Continuous and dichotomous data will be treated separately. Where possible, we will convert the effect data to odds ratios for dichotomous outcomes and standardised mean difference for continuous outcomes. We will consider using a meta-analysis to calculate an overall effect size estimate where more than one study of a similar design reports data on the same outcome domain (e.g. MVPA), studies have a reasonable sample size and statistical heterogeneity (i2) is < 50%. The meta-analysis will use a random-effect model (as study characteristics and/or treatment effects are expected to be heterogenous) and will be conducted using appropriate software (e.g. Comprehensive Meta-Analysis Software © or Review Manager ©). To test the robustness of our findings and conclusions, we will conduct sensitivity analyses where we remove studies of high risk of bias (i.e. poor study quality) from the analysis. If the type and amount of data allow, we will conduct subgroup analyses to investigate differential associations and/or effects of the following: differences by age (2–5 years; 5–7 years), differences between girls and boys, different time points of outcome assessment, different durations of time spent in nature-based ECE (half day vs full day; number of days) and level of exposure to nature (high exposure to nature vs minimal exposure to nature). For exposure to nature, we recognise there is ambiguity in the literature on optimum exposure levels and often the description of the exposure is limited in the studies. Therefore, eligible studies will be reviewed on the description of the exposure and divided into studies that are clearly described as having a high amount of exposure (i.e. nature-based ECE setting entirely in a wooded area) to those where description is limited or the exposure is minimal (i.e. a few trees, small amount of grass area).

Where the use of meta-analysis of standardised effect sizes results in exclusion of most included studies for any single outcome domain, we will perform a Synthesis Without Meta-analysis (SWiM) based on effect direction [21]. For effect direction, a summary table will be presented where studies will be ordered by quality to prioritise the best evidence. Outcomes will be grouped by similar outcome domains: physical (physical activity, motor development, sleep), cognitive (executive functions, attention, creativity), social (pro-social behaviour connectedness to nature) and emotional (stress reduction). Where the synthesis is based on effect direction, the synthesis will address a question of whether this is evidence of a positive or negative effect. Confidence intervals and effect sizes will be prioritised to interpret findings and when these are not presented, p values be used. In addition to an effect direction plot, a narrative synthesis will also be conducted to report on findings grouped by outcome domains, as described above. Any conclusions drawn will be based on better quality evidence.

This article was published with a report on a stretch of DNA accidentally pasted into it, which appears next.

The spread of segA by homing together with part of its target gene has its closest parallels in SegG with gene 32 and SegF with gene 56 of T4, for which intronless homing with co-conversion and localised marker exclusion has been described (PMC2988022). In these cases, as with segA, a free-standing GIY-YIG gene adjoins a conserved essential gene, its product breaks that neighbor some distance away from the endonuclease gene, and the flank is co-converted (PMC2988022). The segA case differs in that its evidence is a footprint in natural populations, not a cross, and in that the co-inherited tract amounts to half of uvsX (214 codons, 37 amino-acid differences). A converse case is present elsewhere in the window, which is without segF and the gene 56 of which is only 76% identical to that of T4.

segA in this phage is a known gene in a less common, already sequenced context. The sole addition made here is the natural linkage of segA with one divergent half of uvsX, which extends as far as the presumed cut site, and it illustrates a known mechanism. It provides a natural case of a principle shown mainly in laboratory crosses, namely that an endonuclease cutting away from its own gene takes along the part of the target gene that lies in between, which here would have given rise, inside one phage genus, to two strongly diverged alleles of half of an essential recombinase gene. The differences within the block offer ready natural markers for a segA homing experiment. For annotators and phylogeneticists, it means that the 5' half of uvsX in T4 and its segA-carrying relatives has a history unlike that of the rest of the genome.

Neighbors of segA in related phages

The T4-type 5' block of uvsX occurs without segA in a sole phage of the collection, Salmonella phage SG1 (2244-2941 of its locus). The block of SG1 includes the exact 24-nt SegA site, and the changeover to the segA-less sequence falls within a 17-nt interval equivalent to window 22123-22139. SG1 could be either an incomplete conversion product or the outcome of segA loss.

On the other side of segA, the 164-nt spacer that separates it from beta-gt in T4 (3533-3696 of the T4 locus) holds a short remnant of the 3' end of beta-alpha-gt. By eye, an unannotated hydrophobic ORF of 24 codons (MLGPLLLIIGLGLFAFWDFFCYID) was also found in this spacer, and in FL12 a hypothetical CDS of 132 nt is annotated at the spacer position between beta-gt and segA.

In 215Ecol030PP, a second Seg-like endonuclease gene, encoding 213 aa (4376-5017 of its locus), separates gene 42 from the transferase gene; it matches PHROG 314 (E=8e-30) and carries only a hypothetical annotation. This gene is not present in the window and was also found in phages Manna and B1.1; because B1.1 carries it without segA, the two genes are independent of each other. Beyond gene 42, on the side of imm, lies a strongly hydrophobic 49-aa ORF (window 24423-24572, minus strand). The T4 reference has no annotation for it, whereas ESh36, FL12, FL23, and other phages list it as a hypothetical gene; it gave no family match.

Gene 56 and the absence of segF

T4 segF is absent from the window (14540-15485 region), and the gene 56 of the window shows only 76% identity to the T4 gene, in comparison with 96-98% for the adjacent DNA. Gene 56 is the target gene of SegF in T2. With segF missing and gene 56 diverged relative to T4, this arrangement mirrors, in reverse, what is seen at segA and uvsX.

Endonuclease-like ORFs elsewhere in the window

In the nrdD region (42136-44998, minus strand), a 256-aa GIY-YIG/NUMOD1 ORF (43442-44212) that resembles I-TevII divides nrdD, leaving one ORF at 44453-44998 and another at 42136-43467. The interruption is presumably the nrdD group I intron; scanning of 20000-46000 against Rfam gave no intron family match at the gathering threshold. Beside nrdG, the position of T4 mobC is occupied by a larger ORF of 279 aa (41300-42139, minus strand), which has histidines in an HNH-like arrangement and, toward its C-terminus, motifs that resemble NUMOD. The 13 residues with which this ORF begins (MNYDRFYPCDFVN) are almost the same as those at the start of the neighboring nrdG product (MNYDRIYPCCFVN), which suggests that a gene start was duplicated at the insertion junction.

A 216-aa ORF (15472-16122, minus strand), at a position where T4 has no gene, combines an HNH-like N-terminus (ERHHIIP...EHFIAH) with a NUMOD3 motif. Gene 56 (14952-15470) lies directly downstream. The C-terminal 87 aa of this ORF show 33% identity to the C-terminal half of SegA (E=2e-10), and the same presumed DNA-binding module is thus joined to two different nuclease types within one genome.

For qualitative studies, a thematic analysis of reported themes will be conducted, grouping them into lower and higher order themes. A summary of the findings of the qualitative and quantitative studies will be combined into single logic model which will be developed by two reviewers. The purpose of the logic model is to present a testable theory of change that will allow comparison and examination of how the different data types relate to each other and to enable readers to identify gaps for future research.

Certainty of quantitative evidence